Five kilometres to the north of Uppsala, three huge royal burial mounds dating back to the sixth century mark the original site of the town, Gamla Uppsala. According to legend, they are the final resting places of three ancient kings – Aun, Egil and Adlis. Though the site developed into an important trading and administrative centre, it was originally established as a pagan settlement and a place of ancient sacrificial rites by the Svear tribe. In the eleventh century, the German chronicler, Adam of Bremen, described the cult of the æsir (the Norse gods Odin, Thor and Freyr) practised in Uppsala: every ninth year, the deaths of nine people would be demanded at the festival of Fröblot, the victims left hanging from a nearby tree until their corpses rotted. Two centuries later, the great medieval storyteller, Snorri Sturluson of Iceland, depicted Uppsala as the true home of the Ynglinga dynasty (the original royal family in Scandinavia who also worshipped Freyr), a place where grand sacrificial festivals were held in honour of their god.
Gamla Uppsala kyrka
The pagan temple where Uppsala’s bloody sacrifices took place is now marked by the Christian Gamla Uppsala kyrka, which was built over pagan remains when the Swedish kings first took baptism in the new faith. Built predominantly of stone yet characterized by its rear nave wall of stepped red-brick gabling, this is one of the most breathtakingly beautiful churches in Sweden, with an understated simplicity at the very heart of its appeal. Although what survives of the church today is only a remnant of the original cathedral, the relics inside more than compensate for the downscaling. In the porch are two impressive collecting chests, one made from an oak log and fitted with iron locks, which dates from the earliest days of the church. Entering the nave, look out for the cabinet on the left containing a superb collection of church silver, including a fourteenth-century chalice and a censer from the 1200s. Nearby, in the nave wall, a stone memorial to Anders Celsius, inventor of the temperature scale that bears his name, is a worthy tribute. Outside, if you haven’t yet set eyes on a genuine rune stone in Sweden, look carefully in the church walls at the back to find a perfectly preserved example from the eleventh century.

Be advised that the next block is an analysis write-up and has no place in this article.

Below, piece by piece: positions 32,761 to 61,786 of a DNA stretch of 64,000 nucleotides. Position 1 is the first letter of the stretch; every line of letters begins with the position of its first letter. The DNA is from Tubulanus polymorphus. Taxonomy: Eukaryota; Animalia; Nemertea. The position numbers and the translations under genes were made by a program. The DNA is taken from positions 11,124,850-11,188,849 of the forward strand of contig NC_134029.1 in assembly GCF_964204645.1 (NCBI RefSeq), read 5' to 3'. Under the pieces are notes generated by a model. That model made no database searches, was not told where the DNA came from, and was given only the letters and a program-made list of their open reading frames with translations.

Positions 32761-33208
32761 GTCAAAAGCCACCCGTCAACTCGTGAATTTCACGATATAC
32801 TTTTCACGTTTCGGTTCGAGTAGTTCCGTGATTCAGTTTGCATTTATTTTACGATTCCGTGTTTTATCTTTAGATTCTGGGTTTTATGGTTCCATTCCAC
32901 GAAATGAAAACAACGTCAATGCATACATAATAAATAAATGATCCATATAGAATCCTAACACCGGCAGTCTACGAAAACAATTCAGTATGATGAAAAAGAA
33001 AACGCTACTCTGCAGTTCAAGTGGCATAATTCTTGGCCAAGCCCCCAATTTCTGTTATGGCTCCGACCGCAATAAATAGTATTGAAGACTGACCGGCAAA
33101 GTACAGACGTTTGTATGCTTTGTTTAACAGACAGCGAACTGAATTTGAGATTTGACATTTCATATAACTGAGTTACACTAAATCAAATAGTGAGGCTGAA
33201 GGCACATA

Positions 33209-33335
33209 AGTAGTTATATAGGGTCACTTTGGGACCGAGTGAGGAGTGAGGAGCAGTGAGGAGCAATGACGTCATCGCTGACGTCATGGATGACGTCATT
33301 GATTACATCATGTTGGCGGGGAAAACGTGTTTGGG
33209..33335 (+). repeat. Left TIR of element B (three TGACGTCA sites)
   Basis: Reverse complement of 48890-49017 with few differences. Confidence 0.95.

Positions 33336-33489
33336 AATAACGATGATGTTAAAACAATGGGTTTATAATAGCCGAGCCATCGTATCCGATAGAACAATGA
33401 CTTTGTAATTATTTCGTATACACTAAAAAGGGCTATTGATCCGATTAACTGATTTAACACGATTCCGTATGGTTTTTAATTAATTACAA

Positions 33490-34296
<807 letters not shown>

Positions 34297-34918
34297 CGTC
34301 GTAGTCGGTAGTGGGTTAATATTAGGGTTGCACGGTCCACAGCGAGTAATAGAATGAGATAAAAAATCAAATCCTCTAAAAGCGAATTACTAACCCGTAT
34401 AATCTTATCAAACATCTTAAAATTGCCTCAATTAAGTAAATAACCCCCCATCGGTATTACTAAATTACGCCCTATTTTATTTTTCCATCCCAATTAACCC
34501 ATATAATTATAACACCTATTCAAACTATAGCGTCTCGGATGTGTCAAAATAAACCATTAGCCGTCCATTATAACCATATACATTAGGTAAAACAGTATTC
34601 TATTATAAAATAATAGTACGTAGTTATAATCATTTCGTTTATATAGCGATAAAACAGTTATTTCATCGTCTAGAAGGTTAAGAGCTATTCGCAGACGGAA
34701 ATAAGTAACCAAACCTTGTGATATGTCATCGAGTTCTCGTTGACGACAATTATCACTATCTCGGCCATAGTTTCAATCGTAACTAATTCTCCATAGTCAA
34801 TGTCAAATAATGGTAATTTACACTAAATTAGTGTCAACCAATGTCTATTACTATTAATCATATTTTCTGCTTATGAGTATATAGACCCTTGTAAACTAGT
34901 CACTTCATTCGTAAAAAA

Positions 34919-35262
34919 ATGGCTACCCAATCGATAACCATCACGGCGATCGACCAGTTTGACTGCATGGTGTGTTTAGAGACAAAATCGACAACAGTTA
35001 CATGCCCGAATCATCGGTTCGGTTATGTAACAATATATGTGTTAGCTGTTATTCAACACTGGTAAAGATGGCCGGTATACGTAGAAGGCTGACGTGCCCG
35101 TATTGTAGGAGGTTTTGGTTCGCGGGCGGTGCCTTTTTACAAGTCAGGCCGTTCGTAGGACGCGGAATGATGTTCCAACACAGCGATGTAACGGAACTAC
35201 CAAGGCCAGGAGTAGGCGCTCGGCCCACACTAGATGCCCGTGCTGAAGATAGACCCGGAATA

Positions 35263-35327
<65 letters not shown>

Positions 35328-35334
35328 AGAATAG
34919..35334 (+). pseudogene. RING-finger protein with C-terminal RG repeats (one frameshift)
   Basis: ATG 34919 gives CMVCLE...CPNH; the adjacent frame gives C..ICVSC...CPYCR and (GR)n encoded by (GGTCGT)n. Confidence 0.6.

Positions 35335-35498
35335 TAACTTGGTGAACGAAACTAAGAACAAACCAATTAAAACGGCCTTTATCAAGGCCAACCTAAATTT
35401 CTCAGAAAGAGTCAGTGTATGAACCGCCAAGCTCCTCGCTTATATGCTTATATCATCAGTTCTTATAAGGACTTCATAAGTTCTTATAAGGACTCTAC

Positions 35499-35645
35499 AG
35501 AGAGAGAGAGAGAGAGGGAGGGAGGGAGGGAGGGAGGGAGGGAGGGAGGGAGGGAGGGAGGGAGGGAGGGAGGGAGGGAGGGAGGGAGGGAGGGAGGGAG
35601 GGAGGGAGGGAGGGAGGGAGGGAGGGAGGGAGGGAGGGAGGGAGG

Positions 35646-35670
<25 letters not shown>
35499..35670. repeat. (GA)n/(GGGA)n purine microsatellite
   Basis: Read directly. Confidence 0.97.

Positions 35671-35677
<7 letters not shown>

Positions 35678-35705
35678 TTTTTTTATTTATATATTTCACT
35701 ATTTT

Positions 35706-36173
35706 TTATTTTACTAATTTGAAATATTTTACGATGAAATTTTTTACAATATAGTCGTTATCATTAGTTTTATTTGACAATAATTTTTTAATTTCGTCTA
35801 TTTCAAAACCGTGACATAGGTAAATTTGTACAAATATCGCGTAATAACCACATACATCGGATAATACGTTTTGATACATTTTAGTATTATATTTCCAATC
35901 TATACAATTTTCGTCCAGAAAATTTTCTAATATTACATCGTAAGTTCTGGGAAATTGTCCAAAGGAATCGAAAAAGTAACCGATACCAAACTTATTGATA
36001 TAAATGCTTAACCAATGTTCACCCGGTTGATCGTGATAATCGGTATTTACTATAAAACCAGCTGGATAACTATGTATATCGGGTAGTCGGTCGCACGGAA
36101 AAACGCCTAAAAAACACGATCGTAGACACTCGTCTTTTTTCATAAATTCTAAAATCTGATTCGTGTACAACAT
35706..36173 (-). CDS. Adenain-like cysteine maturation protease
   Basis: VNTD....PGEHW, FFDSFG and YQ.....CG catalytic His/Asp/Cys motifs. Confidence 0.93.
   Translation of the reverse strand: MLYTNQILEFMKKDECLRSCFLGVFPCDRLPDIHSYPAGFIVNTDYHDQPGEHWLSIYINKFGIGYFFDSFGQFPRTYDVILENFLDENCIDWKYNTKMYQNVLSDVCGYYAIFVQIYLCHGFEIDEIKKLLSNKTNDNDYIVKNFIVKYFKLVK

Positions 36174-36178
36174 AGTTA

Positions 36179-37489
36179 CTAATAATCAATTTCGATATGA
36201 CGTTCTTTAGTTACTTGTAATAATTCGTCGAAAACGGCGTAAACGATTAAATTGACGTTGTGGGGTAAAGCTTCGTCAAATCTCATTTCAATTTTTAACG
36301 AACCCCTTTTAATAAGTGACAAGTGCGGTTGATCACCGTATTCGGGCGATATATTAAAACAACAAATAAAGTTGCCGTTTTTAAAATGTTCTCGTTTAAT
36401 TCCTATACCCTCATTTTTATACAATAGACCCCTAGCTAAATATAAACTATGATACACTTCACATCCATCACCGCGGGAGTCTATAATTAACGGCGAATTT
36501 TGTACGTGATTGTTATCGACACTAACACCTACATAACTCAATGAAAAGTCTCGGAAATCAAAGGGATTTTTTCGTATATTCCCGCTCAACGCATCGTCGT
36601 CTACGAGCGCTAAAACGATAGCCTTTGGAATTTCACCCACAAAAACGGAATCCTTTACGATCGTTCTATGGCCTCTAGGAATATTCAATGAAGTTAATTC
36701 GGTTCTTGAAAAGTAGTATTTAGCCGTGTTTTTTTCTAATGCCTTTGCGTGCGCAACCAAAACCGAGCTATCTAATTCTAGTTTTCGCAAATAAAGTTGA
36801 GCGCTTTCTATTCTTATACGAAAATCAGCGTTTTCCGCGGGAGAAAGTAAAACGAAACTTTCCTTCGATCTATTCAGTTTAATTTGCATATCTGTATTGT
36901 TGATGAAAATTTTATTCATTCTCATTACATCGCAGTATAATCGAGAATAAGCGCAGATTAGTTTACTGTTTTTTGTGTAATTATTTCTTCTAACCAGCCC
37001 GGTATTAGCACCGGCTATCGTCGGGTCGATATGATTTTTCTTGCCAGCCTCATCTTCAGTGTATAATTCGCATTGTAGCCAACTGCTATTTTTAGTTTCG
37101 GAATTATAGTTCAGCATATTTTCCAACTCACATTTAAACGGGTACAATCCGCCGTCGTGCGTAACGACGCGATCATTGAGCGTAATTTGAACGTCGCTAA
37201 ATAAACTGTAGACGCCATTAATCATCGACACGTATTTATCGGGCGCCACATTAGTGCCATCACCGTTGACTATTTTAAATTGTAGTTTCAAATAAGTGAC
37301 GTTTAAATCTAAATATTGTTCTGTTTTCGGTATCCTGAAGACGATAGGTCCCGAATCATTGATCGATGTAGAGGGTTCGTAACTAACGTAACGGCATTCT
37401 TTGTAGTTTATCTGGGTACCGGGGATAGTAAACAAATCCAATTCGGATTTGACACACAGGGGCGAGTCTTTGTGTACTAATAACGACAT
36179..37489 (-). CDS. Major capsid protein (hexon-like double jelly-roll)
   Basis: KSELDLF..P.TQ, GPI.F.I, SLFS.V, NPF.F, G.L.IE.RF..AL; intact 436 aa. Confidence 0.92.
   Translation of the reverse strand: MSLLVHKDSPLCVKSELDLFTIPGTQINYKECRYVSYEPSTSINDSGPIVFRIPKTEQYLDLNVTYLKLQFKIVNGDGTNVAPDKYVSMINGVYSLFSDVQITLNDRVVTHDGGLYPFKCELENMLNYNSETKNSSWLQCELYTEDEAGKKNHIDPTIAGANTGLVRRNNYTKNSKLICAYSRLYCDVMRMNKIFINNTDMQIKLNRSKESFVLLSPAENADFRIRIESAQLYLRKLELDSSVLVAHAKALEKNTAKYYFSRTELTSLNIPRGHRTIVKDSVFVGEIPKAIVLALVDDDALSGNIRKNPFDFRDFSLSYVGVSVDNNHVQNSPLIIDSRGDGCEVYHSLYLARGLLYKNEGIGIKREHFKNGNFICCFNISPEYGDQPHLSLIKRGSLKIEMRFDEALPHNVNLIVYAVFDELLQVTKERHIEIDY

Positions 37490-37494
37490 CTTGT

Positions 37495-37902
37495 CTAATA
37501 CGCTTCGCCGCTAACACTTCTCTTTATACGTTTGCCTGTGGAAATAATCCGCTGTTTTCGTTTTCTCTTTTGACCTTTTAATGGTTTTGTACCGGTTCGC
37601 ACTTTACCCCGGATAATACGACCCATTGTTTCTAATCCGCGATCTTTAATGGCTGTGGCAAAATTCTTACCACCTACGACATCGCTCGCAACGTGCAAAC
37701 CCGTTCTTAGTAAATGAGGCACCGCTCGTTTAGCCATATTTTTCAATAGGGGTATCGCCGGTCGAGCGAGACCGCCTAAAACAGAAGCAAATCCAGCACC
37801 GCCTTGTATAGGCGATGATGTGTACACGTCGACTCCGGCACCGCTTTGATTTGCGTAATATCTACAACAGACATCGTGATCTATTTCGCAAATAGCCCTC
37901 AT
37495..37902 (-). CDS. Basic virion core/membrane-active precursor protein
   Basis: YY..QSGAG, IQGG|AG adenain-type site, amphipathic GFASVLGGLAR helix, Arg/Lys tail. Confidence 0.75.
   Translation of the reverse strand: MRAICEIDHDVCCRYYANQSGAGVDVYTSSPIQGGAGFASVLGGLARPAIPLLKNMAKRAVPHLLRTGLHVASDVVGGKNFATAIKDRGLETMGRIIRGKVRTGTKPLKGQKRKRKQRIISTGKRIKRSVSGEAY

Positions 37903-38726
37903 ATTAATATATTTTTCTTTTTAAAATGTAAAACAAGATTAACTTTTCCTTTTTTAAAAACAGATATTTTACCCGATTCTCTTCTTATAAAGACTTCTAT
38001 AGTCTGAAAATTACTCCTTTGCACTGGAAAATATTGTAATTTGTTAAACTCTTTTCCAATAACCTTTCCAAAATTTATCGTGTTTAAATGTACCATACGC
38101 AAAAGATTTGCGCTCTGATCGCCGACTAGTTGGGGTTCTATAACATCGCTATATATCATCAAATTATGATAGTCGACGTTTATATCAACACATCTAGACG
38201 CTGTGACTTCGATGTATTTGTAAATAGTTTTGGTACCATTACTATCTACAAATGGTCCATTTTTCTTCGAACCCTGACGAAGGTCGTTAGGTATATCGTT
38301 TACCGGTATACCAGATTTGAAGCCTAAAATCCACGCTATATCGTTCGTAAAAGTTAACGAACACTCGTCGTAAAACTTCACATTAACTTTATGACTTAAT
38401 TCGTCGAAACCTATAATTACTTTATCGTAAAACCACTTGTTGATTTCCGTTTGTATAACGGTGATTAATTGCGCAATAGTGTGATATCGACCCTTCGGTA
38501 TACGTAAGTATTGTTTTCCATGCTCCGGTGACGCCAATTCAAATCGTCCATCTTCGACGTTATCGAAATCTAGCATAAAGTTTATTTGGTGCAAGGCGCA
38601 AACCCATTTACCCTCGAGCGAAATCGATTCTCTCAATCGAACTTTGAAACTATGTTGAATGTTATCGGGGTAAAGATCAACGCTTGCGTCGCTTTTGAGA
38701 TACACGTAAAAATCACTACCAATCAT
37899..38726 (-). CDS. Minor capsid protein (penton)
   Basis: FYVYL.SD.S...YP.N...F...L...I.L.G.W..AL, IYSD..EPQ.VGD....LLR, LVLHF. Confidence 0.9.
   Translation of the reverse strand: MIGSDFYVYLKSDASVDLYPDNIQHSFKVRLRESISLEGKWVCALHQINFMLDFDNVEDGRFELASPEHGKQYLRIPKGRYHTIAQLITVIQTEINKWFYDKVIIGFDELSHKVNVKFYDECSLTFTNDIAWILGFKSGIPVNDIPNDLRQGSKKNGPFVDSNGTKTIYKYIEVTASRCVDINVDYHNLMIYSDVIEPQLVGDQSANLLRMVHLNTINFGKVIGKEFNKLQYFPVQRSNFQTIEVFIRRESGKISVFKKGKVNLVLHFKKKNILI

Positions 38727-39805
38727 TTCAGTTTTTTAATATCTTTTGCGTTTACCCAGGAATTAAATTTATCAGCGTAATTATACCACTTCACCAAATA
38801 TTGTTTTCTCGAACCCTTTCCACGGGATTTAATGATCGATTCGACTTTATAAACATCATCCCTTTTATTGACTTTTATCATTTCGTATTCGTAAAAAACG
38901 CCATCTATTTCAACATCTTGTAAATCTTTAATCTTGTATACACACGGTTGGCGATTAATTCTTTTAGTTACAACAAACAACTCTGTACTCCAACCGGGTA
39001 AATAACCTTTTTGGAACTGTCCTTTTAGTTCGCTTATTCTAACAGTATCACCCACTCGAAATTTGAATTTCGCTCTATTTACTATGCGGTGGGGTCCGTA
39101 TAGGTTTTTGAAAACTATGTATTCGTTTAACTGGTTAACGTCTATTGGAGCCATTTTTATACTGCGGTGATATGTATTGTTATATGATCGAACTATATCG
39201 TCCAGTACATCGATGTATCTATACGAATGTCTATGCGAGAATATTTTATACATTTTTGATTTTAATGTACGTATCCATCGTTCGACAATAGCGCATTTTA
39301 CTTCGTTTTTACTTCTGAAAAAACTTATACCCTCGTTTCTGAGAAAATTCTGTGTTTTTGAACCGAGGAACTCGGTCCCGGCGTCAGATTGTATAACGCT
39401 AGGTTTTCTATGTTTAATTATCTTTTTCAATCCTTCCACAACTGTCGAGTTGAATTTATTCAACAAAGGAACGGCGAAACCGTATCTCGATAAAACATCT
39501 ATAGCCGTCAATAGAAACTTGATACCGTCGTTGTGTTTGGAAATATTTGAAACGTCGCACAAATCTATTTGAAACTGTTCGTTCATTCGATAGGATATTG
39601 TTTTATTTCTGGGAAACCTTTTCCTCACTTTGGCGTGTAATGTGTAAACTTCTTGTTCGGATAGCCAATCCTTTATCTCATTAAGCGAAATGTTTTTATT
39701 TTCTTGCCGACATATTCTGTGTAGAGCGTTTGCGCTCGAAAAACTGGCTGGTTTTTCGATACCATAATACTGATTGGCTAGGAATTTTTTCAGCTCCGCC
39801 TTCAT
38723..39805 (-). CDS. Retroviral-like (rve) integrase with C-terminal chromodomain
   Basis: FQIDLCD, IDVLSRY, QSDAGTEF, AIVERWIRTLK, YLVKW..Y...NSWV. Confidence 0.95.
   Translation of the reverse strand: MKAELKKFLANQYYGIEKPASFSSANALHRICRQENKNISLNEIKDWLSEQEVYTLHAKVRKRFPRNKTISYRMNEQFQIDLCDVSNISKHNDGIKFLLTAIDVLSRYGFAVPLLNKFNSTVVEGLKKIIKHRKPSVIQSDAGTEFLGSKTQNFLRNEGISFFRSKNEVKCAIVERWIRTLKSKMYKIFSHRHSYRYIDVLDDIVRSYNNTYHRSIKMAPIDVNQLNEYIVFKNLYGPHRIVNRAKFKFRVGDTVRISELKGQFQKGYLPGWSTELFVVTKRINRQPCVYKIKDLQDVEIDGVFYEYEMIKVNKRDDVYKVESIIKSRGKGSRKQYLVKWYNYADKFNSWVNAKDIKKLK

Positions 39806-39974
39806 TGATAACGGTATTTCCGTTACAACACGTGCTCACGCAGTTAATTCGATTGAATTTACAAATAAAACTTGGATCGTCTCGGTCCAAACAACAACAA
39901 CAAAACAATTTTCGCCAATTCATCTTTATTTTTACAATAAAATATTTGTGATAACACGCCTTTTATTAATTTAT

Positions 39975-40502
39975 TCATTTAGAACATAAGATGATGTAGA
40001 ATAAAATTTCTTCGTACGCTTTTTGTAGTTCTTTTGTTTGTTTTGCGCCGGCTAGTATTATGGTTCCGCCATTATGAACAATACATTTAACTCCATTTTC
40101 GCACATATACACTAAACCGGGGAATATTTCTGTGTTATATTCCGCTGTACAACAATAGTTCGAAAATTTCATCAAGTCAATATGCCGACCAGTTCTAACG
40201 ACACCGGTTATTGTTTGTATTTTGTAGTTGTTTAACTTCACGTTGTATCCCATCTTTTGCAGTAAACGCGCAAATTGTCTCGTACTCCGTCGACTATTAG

The burial mounds
Southeast of the church, the tinghög or parliament hill (the only burial mound not fenced in) was once the site of the local ting where, until the sixteenth century, a Viking parliament was held to deliberate on all matters affecting Uppsala. Immediately west of here, a path leads around the three main mounds, the first of which, östhögen – the east mound – dates from around 550. Following the 1846–47 excavations of Gamla Uppsala, this hill yielded the site’s most astonishing artefacts: the cremated remains of a woman – possibly a priestess of the god Freyr – buried in magnificent wool, linen and silk clothing, as well as a necklace bearing a powerful image of a Valkyrie. The adjacent central mound, mitthögen, is thought to be around fifty years older than its neighbour but has still to be excavated. Finally, the western västhögen has been dated from the late sixth century, and following excavations in 1874 revealed male bone fragments and jewellery commensurate with high status.
The finds are proudly displayed at the entrance to the new and enjoyable Gamla Uppsala Historical Centre, a brave and successful attempt to portray early Swedish history in a wider non-Viking context. You can gawp at an archeologist’s dream – gold fragments, ancient pieces of glass and precious ivory game pieces – as well as amble through exhibitions illustrating the origin of local myths. There’s also a full account of Uppsala’s golden period, which ended in the thirteenth century.